Posted February 13th, 2009
Joe Chan of the Downtown Brooklyn Partnership discusses the nearly $10 billion private and public organizations.have committed to development projects in downtown Brooklyn.
A Chinese delegation to the United States spent the afternoon of February 4 at Polytechnic Institute of NYU learning about public participation in two of downtown Brooklyn’s most significant land use projects in recent years.
The first: the creation of MetroTech, the office and knowledge park where NYU-Poly’s main campus is located. NYU-Poly spearheaded the project, which was completed in the early 1990s. The second: the Department of City Planning and the NYC Economic Development Corporation’s rezoning in 2004 of downtown Brooklyn. The rezoning aimed — and has been successful at — increasing economic development and urban renewal.
New York City’s Uniform Land Use Review Procedure rules (usually referred to as “ULURP”) mandate public participation during the planning and approval stages of property development and rezoning. China doesn’t have comparable guidelines. The delegates, many of whom are professors of law and policy, are interested in how NYC’s model for public involvement could be applied to land use decisions in China.
Key players from the MetroTech and downtown Brooklyn rezoning projects presented their perspectives at the roundtable:
The Academic Leader
George Bugliarello (President Emeritus, Polytechnic Institute of NYU) worked with government and industry partners to transform what is now MetroTech from an area of decay into a research and commercial center for information- and telecommunications-dependent organizations.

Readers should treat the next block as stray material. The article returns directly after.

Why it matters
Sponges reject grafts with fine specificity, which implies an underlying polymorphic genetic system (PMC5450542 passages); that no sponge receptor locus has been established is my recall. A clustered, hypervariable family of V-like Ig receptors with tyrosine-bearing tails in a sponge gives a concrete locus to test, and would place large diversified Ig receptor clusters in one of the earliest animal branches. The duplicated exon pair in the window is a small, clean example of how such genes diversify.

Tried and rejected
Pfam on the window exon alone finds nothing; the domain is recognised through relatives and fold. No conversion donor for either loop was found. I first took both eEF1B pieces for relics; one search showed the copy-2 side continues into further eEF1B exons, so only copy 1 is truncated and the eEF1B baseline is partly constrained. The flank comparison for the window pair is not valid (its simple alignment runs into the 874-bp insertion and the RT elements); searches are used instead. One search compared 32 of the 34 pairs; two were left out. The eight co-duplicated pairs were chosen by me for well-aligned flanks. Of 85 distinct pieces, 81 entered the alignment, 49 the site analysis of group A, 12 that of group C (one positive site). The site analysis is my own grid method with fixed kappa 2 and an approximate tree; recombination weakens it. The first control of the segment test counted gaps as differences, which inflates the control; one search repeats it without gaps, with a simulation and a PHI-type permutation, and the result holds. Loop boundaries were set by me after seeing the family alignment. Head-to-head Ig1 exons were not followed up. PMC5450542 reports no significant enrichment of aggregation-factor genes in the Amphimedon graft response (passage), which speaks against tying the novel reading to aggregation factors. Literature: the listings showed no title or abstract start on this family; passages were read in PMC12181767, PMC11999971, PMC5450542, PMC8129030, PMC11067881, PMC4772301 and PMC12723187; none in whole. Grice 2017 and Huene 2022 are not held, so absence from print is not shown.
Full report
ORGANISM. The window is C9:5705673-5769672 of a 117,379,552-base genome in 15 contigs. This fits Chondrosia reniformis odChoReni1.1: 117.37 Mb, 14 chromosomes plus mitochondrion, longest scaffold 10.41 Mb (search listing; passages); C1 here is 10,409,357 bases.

The City Planners
Hardy Adasko (Senior Vice President, New York City Economic Development Corporation) has worked for 37 years, under 7 mayors, on major land use projects in NYC, including MetroTech and the rezoning of downtown Brooklyn.
Regina Myer (President of the Brooklyn Bridge Park Development Corporation) has worked for over 20 years as a city planner, including 8 as Director of the Brooklyn Office of the City’s Department of Planning. She currently leads the effort to plan, build, and manage the Brooklyn Bridge Park, a major waterfront renewal for NYC.
The Economic Developer
Joe Chan (President, Downtown Brooklyn Partnership) bridges the public and private sectors to create development projects and improvements that encourage economic growth and opportunity in downtown Brooklyn. Mr. Chan worked in the Office of Deputy Mayor for Economic Development before becoming the president of the Downtown Brooklyn Partnership.
Irving Gotbaum (Partner, Friedman & Gotbaum, LLP) specializes in land use and zoning application. He has represented both sides in major projects: the opposition and the developer.
The Transportation Expert
John Falcocchio (Professor, Polytechnic Institute of NYU) is the Director of the Transportation Research Center at NYU-Poly and a renowned expert in traffic planning and management. He outlined the public participation process in the planning and construction of public infrastructure projects which shares many characteristics with public involvement in property development and rezoning.
NYU-Poly Chancellor David Chang organized the event and led the roundtable discussion at the request of the National Committee on United States-China Relations, an organization whose mission is to “promote understanding and cooperation between the United States and Greater China in the belief that sound and productive Sino-American relations serve vital American and world interests.”